Excavations have shown that Antwerp was inhabited as long ago as the Gallo-Roman period. Unfortunately we know very little about Antwerp in Roman times.
We only have sufficient sources to reconstruct the history of Antwerp starting from the 9th century, when viking attacked the city and inhabitants started reinforcing the boundaries of their territory with an earthen rampart. As the city experienced a first economic boom in the 12th century, Antwerp’s residents built Het Steen (with a stone fortress wall) to defend themselves better.
By the first half of the 14th century, Antwerp had become the most important trading and financial centre in Western Europe, its reputation based largely on its seaport and wool market.
In 1356, the city, which had been part of the Holy Roman Empire, was annexed to the County of Flanders and lost lots of its privileges, partly to Bruges’ advantage. Fifty years later, the political and economic tide turned again and as the Golden Age unfolded, Antwerp became a world class metropolis, described as ‘the loveliest city in the world’.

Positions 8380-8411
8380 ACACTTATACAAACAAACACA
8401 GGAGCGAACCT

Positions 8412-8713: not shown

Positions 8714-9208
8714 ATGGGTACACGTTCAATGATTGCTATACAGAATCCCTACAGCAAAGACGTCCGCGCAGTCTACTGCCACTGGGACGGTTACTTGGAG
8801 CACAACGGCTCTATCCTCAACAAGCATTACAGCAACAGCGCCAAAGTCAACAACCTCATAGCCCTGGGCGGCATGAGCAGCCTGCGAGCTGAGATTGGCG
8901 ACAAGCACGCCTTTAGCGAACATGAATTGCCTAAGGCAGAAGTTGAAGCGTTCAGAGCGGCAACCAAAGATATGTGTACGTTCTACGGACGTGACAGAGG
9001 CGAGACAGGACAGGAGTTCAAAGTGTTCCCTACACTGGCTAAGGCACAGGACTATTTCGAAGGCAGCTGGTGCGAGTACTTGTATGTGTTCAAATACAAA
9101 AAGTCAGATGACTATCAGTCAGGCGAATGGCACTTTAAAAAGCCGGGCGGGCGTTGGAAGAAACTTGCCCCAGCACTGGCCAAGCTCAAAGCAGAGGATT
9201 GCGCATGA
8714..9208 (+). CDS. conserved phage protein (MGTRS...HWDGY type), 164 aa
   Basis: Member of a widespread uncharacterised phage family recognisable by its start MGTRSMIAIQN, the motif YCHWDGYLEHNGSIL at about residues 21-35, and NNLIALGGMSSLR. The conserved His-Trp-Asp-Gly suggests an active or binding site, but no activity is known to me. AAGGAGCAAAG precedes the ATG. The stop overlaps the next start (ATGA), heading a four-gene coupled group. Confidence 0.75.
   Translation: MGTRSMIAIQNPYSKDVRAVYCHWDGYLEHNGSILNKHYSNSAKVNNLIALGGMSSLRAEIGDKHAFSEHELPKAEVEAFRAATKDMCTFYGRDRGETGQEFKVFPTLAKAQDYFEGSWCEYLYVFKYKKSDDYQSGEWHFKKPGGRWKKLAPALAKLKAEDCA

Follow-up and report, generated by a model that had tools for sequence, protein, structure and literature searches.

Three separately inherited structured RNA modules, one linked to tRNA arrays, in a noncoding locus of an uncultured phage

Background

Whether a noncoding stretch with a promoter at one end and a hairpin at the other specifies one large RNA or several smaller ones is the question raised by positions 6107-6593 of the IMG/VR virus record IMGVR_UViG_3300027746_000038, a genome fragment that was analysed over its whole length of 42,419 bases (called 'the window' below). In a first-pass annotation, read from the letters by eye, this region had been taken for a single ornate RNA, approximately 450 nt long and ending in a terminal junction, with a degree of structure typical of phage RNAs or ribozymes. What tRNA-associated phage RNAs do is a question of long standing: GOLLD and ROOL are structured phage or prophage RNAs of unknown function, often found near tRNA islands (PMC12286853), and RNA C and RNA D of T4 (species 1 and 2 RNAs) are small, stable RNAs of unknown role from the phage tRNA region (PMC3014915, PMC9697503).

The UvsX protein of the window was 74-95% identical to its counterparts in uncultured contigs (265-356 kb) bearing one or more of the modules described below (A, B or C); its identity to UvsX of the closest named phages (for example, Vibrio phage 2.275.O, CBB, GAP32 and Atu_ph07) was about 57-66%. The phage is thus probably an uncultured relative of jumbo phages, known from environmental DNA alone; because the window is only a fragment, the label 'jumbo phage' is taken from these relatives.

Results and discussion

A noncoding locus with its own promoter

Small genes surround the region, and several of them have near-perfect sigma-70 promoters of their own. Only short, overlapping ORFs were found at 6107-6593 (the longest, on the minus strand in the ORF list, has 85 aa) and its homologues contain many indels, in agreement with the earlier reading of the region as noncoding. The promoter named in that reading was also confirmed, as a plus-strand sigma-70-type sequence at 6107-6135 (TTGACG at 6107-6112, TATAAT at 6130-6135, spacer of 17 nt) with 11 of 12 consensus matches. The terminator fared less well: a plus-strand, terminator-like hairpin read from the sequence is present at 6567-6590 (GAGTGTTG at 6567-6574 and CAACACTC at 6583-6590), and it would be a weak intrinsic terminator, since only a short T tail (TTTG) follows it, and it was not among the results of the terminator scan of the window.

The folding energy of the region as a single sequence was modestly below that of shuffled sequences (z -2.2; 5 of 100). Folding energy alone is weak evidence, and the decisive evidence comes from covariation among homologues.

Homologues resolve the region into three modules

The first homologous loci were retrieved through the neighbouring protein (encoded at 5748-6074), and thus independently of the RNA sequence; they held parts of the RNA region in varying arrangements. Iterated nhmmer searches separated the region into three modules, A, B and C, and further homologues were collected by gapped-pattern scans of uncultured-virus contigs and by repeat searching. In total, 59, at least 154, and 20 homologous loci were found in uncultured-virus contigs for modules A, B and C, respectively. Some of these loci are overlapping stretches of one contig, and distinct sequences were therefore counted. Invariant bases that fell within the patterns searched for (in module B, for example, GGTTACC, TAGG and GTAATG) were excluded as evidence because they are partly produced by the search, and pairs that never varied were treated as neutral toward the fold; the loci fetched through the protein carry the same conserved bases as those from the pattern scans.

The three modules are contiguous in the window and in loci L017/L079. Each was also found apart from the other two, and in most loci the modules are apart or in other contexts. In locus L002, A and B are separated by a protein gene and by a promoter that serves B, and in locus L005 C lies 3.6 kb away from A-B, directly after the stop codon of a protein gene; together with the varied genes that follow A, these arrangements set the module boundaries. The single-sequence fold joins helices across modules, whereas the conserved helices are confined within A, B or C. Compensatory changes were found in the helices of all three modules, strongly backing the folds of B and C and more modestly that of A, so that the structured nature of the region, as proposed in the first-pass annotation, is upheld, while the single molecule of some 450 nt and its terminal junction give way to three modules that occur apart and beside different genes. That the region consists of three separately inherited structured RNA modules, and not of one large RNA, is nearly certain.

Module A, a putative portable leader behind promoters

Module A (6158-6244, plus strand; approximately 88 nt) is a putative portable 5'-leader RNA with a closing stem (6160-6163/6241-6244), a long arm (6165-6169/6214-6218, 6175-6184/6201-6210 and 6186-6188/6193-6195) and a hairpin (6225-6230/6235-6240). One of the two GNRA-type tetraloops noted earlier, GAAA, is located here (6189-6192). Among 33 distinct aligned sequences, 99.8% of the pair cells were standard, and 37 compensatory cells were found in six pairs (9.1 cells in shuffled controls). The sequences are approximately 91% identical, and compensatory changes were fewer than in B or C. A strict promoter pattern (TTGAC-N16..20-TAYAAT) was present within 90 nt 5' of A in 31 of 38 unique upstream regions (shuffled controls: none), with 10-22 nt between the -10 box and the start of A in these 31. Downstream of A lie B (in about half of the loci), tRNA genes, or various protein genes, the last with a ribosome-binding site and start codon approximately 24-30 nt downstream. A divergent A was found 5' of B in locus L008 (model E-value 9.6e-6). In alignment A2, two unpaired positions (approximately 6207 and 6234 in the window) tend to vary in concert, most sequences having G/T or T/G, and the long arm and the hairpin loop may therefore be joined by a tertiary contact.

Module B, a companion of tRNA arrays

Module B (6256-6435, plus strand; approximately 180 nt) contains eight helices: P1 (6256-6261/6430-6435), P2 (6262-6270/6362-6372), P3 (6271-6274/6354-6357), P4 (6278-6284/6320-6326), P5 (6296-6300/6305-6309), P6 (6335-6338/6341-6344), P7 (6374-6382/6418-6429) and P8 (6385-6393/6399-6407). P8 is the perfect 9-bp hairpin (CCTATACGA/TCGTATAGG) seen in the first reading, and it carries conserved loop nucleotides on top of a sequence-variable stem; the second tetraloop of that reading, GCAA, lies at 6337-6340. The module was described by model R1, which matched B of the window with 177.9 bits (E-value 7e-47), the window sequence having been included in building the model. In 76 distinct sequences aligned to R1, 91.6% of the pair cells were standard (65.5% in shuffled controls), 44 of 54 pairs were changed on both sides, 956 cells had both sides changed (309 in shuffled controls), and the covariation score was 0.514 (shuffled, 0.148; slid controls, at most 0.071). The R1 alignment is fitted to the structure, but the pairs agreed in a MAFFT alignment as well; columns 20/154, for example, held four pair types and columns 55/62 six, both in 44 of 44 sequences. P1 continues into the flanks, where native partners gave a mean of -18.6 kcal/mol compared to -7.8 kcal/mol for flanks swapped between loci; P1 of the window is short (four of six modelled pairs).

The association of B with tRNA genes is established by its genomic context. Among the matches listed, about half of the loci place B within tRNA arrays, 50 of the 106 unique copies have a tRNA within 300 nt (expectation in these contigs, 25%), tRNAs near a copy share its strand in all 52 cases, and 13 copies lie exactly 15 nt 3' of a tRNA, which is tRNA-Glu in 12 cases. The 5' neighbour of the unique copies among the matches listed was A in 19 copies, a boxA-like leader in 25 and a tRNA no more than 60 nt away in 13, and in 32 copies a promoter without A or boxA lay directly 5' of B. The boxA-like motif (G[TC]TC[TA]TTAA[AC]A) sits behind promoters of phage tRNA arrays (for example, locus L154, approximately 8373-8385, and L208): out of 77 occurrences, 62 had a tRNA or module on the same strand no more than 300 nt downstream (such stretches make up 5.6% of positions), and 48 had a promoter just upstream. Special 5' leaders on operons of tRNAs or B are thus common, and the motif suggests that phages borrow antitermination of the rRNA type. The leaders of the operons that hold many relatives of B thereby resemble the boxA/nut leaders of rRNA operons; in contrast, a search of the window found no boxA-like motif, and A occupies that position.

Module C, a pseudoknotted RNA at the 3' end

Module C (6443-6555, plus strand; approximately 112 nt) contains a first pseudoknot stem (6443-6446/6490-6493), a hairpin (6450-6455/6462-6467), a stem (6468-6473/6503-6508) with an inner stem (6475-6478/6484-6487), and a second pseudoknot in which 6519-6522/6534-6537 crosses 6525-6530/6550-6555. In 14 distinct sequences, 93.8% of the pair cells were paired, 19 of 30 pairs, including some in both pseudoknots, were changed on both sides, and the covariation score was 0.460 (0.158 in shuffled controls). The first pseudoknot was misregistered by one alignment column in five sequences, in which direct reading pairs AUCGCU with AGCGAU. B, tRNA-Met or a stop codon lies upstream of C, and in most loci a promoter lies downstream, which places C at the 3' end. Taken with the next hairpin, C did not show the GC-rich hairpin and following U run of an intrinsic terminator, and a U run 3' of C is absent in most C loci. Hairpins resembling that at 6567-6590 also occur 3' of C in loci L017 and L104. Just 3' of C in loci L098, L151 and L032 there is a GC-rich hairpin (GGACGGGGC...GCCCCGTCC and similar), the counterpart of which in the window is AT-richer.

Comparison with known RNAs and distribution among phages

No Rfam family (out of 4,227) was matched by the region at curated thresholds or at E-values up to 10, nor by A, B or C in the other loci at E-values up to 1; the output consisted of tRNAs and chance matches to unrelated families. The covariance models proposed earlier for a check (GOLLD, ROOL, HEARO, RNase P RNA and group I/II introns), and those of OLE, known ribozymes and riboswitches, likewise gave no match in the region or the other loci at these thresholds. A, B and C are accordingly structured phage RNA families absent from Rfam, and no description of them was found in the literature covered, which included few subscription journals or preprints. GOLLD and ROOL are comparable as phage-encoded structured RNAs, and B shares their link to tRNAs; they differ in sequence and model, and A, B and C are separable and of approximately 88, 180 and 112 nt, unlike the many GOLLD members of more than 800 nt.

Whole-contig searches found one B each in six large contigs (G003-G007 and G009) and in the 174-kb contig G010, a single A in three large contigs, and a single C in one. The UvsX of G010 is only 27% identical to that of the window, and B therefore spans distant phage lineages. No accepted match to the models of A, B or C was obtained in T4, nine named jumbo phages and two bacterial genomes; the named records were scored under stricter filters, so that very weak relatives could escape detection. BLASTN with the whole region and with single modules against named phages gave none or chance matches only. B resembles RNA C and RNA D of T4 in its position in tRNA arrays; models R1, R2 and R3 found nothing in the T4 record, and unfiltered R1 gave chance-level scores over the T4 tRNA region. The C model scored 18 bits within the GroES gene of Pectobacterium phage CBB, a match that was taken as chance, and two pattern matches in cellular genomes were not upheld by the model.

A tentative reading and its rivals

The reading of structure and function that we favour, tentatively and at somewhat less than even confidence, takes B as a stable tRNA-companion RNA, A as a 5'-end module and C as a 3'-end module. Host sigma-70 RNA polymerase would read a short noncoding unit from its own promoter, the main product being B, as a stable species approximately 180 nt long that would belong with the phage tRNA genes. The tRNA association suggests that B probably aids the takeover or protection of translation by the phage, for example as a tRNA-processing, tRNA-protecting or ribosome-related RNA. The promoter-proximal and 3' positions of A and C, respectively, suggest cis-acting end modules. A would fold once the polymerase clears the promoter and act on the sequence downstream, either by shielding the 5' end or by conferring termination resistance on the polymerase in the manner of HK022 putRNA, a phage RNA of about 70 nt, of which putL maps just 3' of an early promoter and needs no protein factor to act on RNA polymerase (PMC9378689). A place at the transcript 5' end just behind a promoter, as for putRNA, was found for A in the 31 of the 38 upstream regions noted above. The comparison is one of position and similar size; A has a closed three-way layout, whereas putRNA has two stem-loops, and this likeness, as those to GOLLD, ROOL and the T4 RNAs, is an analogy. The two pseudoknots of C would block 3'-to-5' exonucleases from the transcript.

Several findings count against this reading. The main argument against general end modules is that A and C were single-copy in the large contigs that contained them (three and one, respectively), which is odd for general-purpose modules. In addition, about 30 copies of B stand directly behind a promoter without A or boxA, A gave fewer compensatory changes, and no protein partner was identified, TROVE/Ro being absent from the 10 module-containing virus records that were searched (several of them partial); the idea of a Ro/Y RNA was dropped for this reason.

By the second half of the 16th century, the city was the focus of politico-religious struggles between the Protestant North and Catholic South, which led to the River Scheldt being closed. From an economic point of view, this was a disaster. Yet the city continued to flourish culturally until the mid-seventeenth century thanks to painters like Rubens, Anthony Van Dyck, Jordaens and Teniers, printers such as Plantin and Moretus, and the famous Antwerp harpsichord builders.
But from 1650 till the 19th century, Antwerp went into serious decline, as the Scheldt remained closed and the city became little more than a provincial town. The river was reopened for good in 1863, paving the way for Antwerp to return to its former glory.